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Retro Reading: A Potion to Die For by Heather Blake

Updated on January 7, 2023

While witches were supposed to be the "new thing" a few years ago, author Heather Blake jumped on the bandwagon and produced not one, but two series in which the main characters are practicing witches. This series is the latter and shortest of the two.

Carly Bell Hartwell is the good witch in Hitching Post, Alabama, billed as the wedding capital of the south, and Carly happily concocts potions of love for those seeking it, amongst other things. She tries to stay away from her cousin, Delia, who spends her time creating hexes for the disenchanted.

After a "forecast" from Carly's neighbor, Mr. Dunwoody, the residents of Hitching Post are busy chasing down Carly and when she gets to her shop, she sees Delia waiting outside. Carly's not having it and when Delia follows her into the shop, Delia comes to tell her that she's had a bad dream about Carly and that she may be in trouble.

Carly doesn't want to hear anything from Delia and as she goes into the back of the shop, they stumble upon the body of attorney Nelson Winston, clutching one of Carly's signature potion bottles.

The only thing is Carly doesn't know how he had gotten a bottle and she can't recall ever making a potion for him.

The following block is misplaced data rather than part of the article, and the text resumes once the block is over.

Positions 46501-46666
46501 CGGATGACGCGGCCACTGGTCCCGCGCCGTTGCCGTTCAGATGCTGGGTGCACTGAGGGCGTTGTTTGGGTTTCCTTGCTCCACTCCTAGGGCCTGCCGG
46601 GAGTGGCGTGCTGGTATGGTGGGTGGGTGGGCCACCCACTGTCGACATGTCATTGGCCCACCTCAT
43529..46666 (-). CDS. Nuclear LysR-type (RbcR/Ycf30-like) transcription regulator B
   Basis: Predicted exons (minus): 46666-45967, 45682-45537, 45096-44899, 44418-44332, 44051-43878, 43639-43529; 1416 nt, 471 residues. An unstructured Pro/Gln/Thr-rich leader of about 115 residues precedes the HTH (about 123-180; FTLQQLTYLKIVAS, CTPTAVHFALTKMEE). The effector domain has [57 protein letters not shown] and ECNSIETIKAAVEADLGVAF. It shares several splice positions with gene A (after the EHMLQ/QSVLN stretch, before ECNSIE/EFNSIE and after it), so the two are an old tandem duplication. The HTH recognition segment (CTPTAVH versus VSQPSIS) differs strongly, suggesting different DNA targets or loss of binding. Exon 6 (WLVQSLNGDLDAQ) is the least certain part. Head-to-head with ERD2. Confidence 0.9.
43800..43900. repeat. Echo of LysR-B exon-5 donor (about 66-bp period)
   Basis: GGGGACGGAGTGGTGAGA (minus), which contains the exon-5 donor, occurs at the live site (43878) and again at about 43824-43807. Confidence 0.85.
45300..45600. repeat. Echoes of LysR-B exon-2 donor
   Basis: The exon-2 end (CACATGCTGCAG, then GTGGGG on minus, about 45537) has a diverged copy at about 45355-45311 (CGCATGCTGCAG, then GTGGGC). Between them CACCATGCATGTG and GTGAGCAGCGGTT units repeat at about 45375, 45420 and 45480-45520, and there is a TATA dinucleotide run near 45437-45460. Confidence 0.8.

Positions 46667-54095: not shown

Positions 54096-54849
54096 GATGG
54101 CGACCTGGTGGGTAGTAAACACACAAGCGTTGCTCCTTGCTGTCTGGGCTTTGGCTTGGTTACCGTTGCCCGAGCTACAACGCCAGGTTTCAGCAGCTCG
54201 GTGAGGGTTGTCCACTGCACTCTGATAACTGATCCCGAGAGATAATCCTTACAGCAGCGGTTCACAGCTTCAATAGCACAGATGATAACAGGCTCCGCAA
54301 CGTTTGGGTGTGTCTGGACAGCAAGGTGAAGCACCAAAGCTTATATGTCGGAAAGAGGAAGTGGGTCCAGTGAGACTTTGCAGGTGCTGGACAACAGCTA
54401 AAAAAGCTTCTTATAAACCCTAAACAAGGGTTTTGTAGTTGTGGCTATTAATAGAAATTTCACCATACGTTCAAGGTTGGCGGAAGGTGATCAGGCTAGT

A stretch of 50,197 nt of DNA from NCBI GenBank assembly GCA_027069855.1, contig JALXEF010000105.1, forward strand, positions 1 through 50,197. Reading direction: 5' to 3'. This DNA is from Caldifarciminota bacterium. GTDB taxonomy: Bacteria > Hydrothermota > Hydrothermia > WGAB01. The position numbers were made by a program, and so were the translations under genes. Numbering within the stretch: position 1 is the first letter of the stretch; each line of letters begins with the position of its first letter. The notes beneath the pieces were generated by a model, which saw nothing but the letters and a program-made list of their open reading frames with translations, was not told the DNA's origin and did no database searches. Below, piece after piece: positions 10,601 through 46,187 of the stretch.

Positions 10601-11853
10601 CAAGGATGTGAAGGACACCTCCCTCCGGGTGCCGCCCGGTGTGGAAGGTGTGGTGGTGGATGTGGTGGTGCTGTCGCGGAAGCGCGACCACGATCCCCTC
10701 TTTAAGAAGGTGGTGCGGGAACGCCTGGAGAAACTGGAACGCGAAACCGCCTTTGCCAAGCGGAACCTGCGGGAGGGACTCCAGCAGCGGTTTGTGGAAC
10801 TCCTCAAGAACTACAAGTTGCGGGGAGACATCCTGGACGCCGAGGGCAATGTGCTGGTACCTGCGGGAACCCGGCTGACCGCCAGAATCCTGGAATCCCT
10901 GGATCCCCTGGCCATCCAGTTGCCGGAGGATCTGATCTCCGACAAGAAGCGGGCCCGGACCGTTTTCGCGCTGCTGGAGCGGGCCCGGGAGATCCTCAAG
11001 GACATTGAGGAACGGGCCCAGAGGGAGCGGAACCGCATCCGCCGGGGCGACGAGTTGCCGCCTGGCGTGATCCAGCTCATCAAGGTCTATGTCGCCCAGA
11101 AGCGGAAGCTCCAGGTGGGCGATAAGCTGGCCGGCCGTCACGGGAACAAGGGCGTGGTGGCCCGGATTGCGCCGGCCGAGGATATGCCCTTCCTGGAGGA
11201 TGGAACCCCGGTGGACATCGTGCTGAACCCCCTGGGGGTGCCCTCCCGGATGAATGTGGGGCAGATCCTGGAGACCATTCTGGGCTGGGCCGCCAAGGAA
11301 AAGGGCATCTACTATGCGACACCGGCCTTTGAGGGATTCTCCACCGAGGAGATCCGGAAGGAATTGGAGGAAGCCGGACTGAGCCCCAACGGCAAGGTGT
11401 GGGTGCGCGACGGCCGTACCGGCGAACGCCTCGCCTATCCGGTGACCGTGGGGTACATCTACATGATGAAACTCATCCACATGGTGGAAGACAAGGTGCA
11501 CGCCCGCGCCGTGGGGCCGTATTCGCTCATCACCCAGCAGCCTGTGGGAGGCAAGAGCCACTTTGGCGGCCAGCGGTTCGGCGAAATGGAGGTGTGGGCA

As Carly tries to put the pieces together another disaster befalls her as Coach Butts drives his truck into the front porch of her house. He claims that she poisoned him and is clutching another one of her bottles. Even though she didn't make a potion for him, she did make one for his wife, Angelea.

With the town buzzing amongst the rumors that she's poisoned two people, she has to clear her name so that the town can get back to some type of normalcy. That's an almost impossible feat.

Blake is a great storyteller, but for some reason, this first installment into a new series is so-so.

The characters are likable, the plot interesting, but there are too many characters to keep up with. It's always been a pet peeve of mine when there are too many and I think that's what makes me lose interest in what's going on with the story. In general, I counted approximately fifteen to twenty characters. That right there shut down my concentration.

Once the characters start to disappear the story starts to take shape and you're able to concentrate on what you've undoubtedly missed. The meandering settles down and the suspect list begins to grow. And there are plenty.

Overall, you're in for a good time and if the next two installments take shape, it'll be a great little series.


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